HALIFAX - For 20-year-old Sean MacIsaac, knowing he would have to abstain from having sex with other men for five years before donating blood is a “belittling” reality.
“The gay blood ban is an outdated and misinformed policy,” he scribbled in blue and yellow chalk on the sidewalk outside of the Halifax Public Library, as part of an education initiative held Monday by the Nova Scotia arm of the Canadian Federation of Students.
“People need blood transfusions,” the third-year University of King’s College student from Antigonish said. “To put a blanket over all gay men and say, ‘You can’t donate,’ is a big waste.”
“It’s stuck in the 80s,” MacIsaac said of the Canadian Blood Services regulation. “It’s a huge stereotype that gay men all of HIV.”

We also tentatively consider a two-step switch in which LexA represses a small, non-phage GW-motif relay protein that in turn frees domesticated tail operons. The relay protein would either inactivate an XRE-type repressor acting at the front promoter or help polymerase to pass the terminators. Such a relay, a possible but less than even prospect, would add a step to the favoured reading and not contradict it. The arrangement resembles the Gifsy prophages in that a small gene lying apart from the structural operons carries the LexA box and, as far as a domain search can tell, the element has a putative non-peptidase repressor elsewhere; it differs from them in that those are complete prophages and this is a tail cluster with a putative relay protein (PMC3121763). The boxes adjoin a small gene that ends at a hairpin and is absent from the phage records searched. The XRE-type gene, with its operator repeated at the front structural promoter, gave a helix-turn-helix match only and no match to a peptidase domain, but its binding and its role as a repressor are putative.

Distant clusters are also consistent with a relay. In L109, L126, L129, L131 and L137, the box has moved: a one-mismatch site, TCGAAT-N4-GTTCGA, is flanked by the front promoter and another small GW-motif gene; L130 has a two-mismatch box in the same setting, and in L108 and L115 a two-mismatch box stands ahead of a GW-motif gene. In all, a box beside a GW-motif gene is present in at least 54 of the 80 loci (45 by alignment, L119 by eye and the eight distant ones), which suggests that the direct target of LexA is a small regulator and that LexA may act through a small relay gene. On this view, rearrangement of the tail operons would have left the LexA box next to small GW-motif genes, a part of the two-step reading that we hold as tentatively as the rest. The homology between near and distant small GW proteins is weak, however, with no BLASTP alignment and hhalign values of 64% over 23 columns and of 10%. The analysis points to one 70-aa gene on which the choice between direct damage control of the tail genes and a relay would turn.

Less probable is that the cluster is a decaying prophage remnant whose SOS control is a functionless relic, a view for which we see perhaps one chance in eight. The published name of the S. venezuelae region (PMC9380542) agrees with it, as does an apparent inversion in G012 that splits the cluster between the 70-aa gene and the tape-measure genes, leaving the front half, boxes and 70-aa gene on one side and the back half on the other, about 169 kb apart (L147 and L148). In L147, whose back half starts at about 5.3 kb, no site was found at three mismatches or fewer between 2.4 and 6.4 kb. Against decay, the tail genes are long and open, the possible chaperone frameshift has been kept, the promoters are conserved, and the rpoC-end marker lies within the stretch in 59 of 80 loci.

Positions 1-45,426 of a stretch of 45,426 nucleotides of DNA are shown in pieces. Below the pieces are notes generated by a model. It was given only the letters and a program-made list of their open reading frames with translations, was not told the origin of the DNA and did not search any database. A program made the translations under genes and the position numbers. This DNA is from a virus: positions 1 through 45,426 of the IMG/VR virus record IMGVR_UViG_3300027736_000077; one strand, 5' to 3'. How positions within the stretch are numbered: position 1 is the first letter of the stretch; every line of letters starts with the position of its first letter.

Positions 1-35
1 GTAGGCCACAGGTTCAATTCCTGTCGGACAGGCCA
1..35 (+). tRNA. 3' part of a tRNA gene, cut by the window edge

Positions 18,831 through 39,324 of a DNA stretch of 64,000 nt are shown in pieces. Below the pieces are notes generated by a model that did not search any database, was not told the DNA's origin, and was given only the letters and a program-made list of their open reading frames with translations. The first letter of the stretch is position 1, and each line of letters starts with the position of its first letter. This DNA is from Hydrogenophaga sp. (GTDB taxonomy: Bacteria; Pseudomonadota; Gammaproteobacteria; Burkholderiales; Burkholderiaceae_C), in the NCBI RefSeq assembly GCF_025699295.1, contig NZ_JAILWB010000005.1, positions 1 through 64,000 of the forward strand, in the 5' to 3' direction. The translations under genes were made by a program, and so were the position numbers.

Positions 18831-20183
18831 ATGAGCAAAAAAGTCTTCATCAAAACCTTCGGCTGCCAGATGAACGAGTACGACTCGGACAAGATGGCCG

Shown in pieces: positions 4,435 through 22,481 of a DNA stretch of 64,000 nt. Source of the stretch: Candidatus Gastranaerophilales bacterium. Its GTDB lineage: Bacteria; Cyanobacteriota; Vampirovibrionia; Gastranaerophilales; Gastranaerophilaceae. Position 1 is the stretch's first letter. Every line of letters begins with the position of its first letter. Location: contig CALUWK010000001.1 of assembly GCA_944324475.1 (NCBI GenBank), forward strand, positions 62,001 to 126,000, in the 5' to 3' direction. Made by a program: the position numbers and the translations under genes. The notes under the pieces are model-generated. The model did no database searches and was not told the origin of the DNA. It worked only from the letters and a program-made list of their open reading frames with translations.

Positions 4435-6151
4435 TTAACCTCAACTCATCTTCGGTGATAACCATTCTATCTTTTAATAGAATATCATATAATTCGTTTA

Provincial Canadian Federation of Students chair Anna Dubinski agreed the policy makes “judgments on folks based on their identity, as opposed to their actions.”
End the Blood Ban is a national campaign that was scheduled this week during pride festivities. The federation invited passersby to sign their names inside outlines of blood droplets drawn on the pavement, or to add their own artwork to the colourful collage.
Spencer Morris, 14, stopped by and wrote words such as “hope,” “love” and “equality” onto the downtown sidewalk.
Dubinski explained Health Canada last year did approve changing what was a life-long ban on homosexual men giving blood to a “ five-year deferral period.”
Canadian Blood Services spokeswoman Michelle Thibodeau Coates said Monday the not-for-profit group is “hearing all voices.”
“It all needs to be based on scientific evidence,” she said from Saint John, N.B. “We need to be able to show that no additional risks have been introduced into the system.”
Once that data is collected, she added, Canadian Blood Services will consider “making a change.”
MacIsaac said he would definitely donate blood, if he could. “You could save lives.”